It looks at the implications of the online revolution, and focuses on how business models are evolving to encompass ecommerce and the associated technologies.
The guide, prepared by the BCS Electronic Commerce Working Group, comes almost two years after the BCS publication Ecommerce: A World of Opportunity.
The latest guide examines how online commerce has developed during that two-year period.
When the first book was published, the message being put out was to get your website up and running quickly to compete and survive. Now, the mood is more reflective.
Managers have come to the conclusion that traditional business considerations, such as having the right brand awareness and business processes, remain key to success in all businesses.
The ecommerce successes have been mostly developed from bricks-and-mortar businesses such as Tesco and Virgin. But even some of those established companies have had their fingers burned by their web ventures, so there are clearly lessons to be learned by all.
The new guide provides a realistic view of the benefits and pitfalls of trading electronically, and is not afraid to address the implications of ignoring ecommerce altogether. After all, internet spending represented only five per cent of the total spending of UK consumers last Christmas.
But a continued increase in online commerce activity is likely to be prompted by the business community, and this will lead to increased pressure to trade electronically with partners and suppliers as well as with customers.
The guide gives some straightforward advice on how to make a success of your online activities, such as: computerising a bad manual system leads to a bad or even worse computer system; don’t be a guinea pig; purchase off-the-shelf and avoid bespoke; and don’t make the IT director responsible for the future of your business.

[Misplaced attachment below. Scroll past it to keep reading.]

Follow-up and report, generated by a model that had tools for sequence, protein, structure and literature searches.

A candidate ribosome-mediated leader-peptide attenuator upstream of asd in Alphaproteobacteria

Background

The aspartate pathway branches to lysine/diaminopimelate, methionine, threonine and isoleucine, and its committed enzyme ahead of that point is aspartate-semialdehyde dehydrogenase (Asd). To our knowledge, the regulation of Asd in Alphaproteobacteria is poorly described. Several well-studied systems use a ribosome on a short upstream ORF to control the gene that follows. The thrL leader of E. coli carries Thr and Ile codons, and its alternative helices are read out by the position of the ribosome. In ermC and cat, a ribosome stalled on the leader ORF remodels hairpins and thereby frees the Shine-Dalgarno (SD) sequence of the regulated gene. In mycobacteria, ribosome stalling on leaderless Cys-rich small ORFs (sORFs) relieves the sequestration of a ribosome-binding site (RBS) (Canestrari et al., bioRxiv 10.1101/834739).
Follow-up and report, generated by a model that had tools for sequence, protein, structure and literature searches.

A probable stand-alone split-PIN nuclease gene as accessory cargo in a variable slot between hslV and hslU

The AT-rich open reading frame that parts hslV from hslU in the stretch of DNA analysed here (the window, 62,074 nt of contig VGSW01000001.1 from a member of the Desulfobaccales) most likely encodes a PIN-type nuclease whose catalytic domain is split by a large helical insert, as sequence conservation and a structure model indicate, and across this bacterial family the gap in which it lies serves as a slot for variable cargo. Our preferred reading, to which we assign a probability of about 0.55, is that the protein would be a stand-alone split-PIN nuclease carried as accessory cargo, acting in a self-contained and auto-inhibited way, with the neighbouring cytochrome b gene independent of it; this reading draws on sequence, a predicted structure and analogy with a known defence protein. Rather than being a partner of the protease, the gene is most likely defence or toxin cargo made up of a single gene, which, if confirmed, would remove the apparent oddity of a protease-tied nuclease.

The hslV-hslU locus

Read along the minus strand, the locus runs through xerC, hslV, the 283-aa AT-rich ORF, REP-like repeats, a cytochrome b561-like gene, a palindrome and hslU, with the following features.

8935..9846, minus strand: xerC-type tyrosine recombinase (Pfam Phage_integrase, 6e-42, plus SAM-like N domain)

The book follows up with a practical guide to marketing on the web, the business model considerations needed for web commerce, business-to-business and value-chain relationships, key technologies needed for web trading, and finally skills, security and legal and regulatory implications, such as data protection and freedom of information issues, the ecommerce bill and European Union directives.
Sound, straightforward advice is backed by clear definitions and case studies throughout.
The guide aims to highlight the areas that businesses trading on the web will have to consider, from the practicalities of what hardware is needed, to the business changes that having a global presence will bring.
- Doing Business Electronically: A Practical Guide for Professionals and Business Managers is available for £15 to BCS members, £20 to non-members. Contact: 01793 417424 firstname.lastname@example.org
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